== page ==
Rolling Stoned (and other gene-pool culling activities) - Friday, February 11, 2011
Meltdown in the Middle East: A startling thought - Monday, February 07, 2011
Bullshit Nation - Wednesday, December 22, 2010
Winter Solstice...a short sidereal salvo - Tuesday, December 14, 2010
Autumnal Thoughts at Equinox - Sunday, October 10, 2010
Turning and Burning with Huli-Huli Chicken... - Sunday, August 08, 2010
Afghanistan: A PROZAC moment?...NOT! - Wednesday, July 28, 2010
Women Hold Up Half the Sky (and just a bit more) - Sunday, September 27, 2009
Triathletes Rock, Baby!... - Sunday, September 06, 2009
Everything you know is WRONG! - Friday, August 28, 2009
Die Letzte Nacht in Munchen - Tuesday, July 21, 2009
The wreck of the USS America... - Wednesday, May 27, 2009
What a drag...er...DRUG! - Monday, April 13, 2009
A Slow Blog to Shibboleth - Saturday, March 21, 2009
Casting pearl-studded silk purses at pigs... - Tuesday, February 24, 2009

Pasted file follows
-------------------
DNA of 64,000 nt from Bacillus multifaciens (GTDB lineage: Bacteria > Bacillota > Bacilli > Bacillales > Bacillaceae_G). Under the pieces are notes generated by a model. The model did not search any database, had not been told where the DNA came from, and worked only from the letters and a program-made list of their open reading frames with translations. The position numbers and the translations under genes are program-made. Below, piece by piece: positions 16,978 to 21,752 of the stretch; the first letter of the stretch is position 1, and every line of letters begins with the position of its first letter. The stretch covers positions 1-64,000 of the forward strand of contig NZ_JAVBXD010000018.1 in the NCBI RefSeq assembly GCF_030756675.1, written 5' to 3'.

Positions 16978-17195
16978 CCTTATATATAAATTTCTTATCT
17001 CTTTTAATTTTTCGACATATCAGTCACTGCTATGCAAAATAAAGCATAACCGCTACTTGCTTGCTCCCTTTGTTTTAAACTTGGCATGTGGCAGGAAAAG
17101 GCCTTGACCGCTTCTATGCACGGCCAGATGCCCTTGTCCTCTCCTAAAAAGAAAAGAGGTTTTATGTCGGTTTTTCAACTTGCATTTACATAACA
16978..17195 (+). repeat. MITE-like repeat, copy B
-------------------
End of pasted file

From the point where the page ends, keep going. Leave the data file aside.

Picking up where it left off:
The Ever-Widening Pyramidicity Paradigm - Sunday, February 22, 2009
Rider's Block...those are the breaks...er, brakes! - Thursday, November 27, 2008
As Easy as a Bridge... - Sunday, November 23, 2008
Yelping joyfully into that deep forever night..... - Sunday, November 02, 2008
Death as a cure for all problems.... - Sunday, October 26, 2008
A Fart in the Arse of the Universe - Sunday, August 03, 2008
Field Notes: Observations on 'Homo Sapiens' - Friday, July 25, 2008
An Unnatural Disaster - Friday, May 16, 2008
Life in the 'OTHER Walden Pond'... - Friday, April 18, 2008
Redman's Revenge! - Wednesday, March 19, 2008
The Stupid Factor - Monday, March 17, 2008
Sermon for Today: Shallow Depths! - Sunday, March 16, 2008
The Howdy-Doodit Show - Friday, March 14, 2008
Jesus Loves Kinky Friedman - Thursday, March 13, 2008
In Arm's Way... - Wednesday, March 12, 2008
Passing the Torch - Thursday, March 06, 2008
Imagine - Friday, February 29, 2008
Scratch the Man, Find the Child. - Thursday, February 28, 2008
The 'Governator' in Sun Valley - Wednesday, February 27, 2008
Tales of Manpower and Horsepower - Friday, February 15, 2008
Getting High - Wednesday, February 13, 2008
Da Arda Gud Riting - Tuesday, February 05, 2008
The Grand Panjandrum Speaks - Thursday, January 31, 2008
Notes From the Bunker - Wednesday, January 30, 2008
I Piss on You From a Great Height! - Tuesday, January 29, 2008
An Ocean Ran Through it - Saturday, January 26, 2008
Why are we hated so much? - Tuesday, January 22, 2008
A Dark and Stormy Night - Monday, January 21, 2008
Just Some Idiot Pounding on a Drum - Sunday, January 20, 2008
Not Celine's Children... - Friday, January 18, 2008